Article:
James: I think that comes from what I’d want to see in a humour strip, or a commercial. I rewrite them as a form of self-defense to cope with how frustrating they can get, just in my own head.
Justin: There was one ridiculous commercial, a Lincoln commercial with Harry Connick Jr., which took a documentary style conceit, where they went to post-Katrina New Orleans. And Harry was driving around in his Lincoln, looking at the reconstruction he’d helped fund. We tried to square that with the reality of the situation… say, private military forces on the ground, keeping black folk out of their flooded neighbourhoods at gun point.
James: Cause Harry Connick Jr. needs the money from this ad and he’s delivering crawfish so please help, buy a Lincoln. Even though they don’t say that, they want you to associate those things.
So, what is he future for these various comics? A book?
Justin: We do have mini-comic versions of 1989 and Newspaper Comic Strip printed up in limited runs, but we’ve yet to offer them up for sale on the website.
James: Yeah we got the site functional. Step two: print minis or even try… what are they called… whatever Lulu is… and set up a store. When there’s enough RCPs they’d make an okay collection.
Justin: Once every year or two I go to a Vancouver small press comic convention called “Comix & Stories”.
James: I think 1989s have been to stores on the lower mainland, and NCS was sold at Comix and Stories.
Justin: They’ve filtered out to a few readers and stores because of that.
Any plans to take your work to publishers?
Justin: Not immediately. I’ve always wanted to write and draw a Magnum P.I. comic though!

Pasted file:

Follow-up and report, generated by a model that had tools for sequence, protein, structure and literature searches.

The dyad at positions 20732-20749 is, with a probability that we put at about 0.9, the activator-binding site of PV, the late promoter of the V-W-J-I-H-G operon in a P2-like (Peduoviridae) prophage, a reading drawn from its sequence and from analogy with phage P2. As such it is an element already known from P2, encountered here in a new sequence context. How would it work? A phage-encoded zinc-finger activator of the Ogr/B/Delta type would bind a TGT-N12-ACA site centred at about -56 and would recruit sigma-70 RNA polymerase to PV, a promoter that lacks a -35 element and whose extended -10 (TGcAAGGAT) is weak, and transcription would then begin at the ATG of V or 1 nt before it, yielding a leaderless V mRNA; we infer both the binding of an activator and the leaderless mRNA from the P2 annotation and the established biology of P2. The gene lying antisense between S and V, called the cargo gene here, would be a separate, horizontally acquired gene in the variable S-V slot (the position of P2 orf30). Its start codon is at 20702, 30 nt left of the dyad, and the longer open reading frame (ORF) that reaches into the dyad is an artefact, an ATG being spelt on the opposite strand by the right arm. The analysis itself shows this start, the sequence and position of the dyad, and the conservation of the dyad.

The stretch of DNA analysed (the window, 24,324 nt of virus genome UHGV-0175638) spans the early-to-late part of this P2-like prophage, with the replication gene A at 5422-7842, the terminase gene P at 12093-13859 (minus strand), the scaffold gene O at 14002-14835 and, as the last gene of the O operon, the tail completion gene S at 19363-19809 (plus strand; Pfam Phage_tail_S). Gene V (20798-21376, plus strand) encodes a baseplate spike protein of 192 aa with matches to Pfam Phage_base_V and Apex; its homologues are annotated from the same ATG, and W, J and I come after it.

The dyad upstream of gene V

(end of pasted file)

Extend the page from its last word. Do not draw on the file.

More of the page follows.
James: Before we knew about web comics we mighta tried Slave Labor Graphics.
Justin: I think we’d like to try a more serious run at self-publishing before submitting to publishers again.
Justin: Which is the promise of web comics.
James: Most publishers no longer accept submissions or have “invite only” collective-sub labels. No idea how to break into that. Web comics solve a lot of problems we didn’t know how to get around.
So web comics allow you to get your work out there, but how do you plan to collect on your fame?
James: Having a book that people can buy and a site that people can navigate should help us, but I don’
t know how far that can get us.
Justin: Yeah, I’m not sure either. I think we’re still sharpening our comics claws, but we’re definitely going to amp up the self-publishing machinery in the near future.
James: Patience for a webcomic seems to be a hard sell! Plus, once we have a store, there’ll be more reason to attempt advertising, which people say is ineffective.
Well I personally would love to see you guys at shows like MOCCA, APE or SPX. I think there’s a wide potential audience waiting for this work in print form.
James: This is convincing me that we should ramp up priority on moving books and going to cons, ’cause increasing readership would probably improve artist morale.
Justin: Phase One or Two of our cunning plan to conquer the comics world is just ending, but the terror campaign will ramp up soon enough, and everyone will know Riotfish.